One the one hand: hijab is pretty much purely an instrument of sexist religious repression. And, you know, fuck sexist religious repression, right? And, while I'm on the subject, fuck religion.
On the other hand: it seems like the only behavior mode chosen by my fellow anti-religionists these days is to be as obnoxious and intolerant as possible, which really isn't going to get anyone anywhere.
On the one hand: France's recent decision to ban the hijab is consistent with their official position of state atheism, a position I have always felt is the only rational way to go for a government.
On the other hand: there's no denying that, in a practical sense, this ends up being obvious discrimination, since it smothers the freedom of one very specific ethnic and religious group.
On the one hand: the more conservative a culture is, the more heavily veiled they insist women become. And even in the most liberalized Muslim cultures, the veil is, essentially, a religious obligation, and thus an infringement of freedom for anyone who doesn't want to wear it. It is not incorrect to think of hijab as a form of intrinsic religious persecution, like when Mormons disallowed blacks from the priesthood, or how Baptists teach that homosexuality is a sin.
On the other hand: it cannot be denied that for many women, wearing hijab is not an obligation, but a choice. It is a cultural statement as well as a religious requirement, and banning them from wearing it is clearly a form of discrimination. It is not incorrect to think of hijab as a cultural/religious preference, like when Jews choose not to eat pork, or how Hindus have arranged marriages.
On the one hand: I am absolutely and unconditionally against any kind of enforced religious obligation, and I despise the way that women are generally treated in Islamic countries. This certainly includes the hijab, and there is no doubt there's a double standard for how men and women may dress.
On the other hand: A lot of the resentment against hijab comes from Christian conservatives, and there can be no question that much of it is driven by hatred of Islam and discrimination against/fear of Arabs. Many critics of the role of women in Islam are themselves advocates of extremely sexist view of women in society, and lots of people who criticize veiling have nothing to say about dress codes that exist in Judaism and some forms of Christianity.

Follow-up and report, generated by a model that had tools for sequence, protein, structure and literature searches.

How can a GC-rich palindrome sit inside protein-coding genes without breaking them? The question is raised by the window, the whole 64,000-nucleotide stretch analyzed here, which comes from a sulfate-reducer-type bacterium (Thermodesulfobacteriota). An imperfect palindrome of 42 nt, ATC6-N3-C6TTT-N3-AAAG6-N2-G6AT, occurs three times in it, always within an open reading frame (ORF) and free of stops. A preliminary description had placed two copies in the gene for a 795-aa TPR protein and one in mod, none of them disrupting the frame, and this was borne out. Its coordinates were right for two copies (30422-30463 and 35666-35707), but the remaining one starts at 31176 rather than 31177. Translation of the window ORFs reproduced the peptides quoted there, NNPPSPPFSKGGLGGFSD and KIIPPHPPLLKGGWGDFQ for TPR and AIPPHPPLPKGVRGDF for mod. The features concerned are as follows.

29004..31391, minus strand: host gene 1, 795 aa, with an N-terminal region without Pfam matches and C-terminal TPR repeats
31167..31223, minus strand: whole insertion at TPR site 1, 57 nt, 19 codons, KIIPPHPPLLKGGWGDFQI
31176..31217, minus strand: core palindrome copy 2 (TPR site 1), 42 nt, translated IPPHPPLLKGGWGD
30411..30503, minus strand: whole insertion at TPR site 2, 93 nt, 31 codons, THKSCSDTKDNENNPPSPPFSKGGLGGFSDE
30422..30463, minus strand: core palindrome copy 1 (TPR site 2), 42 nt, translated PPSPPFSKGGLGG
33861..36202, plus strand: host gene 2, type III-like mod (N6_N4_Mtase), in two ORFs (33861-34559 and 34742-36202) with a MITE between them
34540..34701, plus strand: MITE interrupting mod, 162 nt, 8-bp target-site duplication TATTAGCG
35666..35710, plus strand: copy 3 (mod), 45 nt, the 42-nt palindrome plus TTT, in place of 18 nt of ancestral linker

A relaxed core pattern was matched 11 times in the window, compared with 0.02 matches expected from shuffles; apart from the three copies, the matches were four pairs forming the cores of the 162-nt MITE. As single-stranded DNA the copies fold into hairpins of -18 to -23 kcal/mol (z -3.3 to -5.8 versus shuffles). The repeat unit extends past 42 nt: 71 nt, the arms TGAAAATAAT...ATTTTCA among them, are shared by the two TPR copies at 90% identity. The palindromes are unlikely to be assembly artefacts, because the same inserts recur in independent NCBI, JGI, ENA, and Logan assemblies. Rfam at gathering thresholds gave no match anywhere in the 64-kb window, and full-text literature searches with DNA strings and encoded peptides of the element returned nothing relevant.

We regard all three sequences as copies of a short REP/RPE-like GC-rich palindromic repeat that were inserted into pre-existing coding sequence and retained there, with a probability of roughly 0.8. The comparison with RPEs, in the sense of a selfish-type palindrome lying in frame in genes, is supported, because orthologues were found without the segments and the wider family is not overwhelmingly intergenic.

On the one hand: I am in favor of abolishing hijab, or at the very least, allowing Islamic women who do not wish to be veiled to make that choice without fear of reprisal.
On the other hand: I think a governmental decree outlawing hijab is probably the worst possible way to get such a result.
NOTE #1: In one of the odder permutations of our culture recently, anti-Islamic American conservatives have co-opted a panel from the 2005 Paul Dini/Alex Ross comic Wonder Woman: Spirit of Truth in which WW, standing among a group of veiled Islamic women, strips off a burqa to reveal her skimpy bustier-and-star-spangled-panties outfit. The image appears on a number of right-wing Muslim-bashing sites, and apparently is meant to convey the idea that WW will show up those snotty repressive Mahometans by showing off her awesome Amazon body. This is all well and good as long as you totally ignore the context of the story, but the irony becomes downright indigestible when you consider that Wonder Woman is, in fact, from a society so devoted to sexual separatism that men are literally not allowed to set foot in her homeland.
NOTE #2: I've always thought that veiled women are pretty hot, which means that the entire stated raison d'etre for veiling is wrong.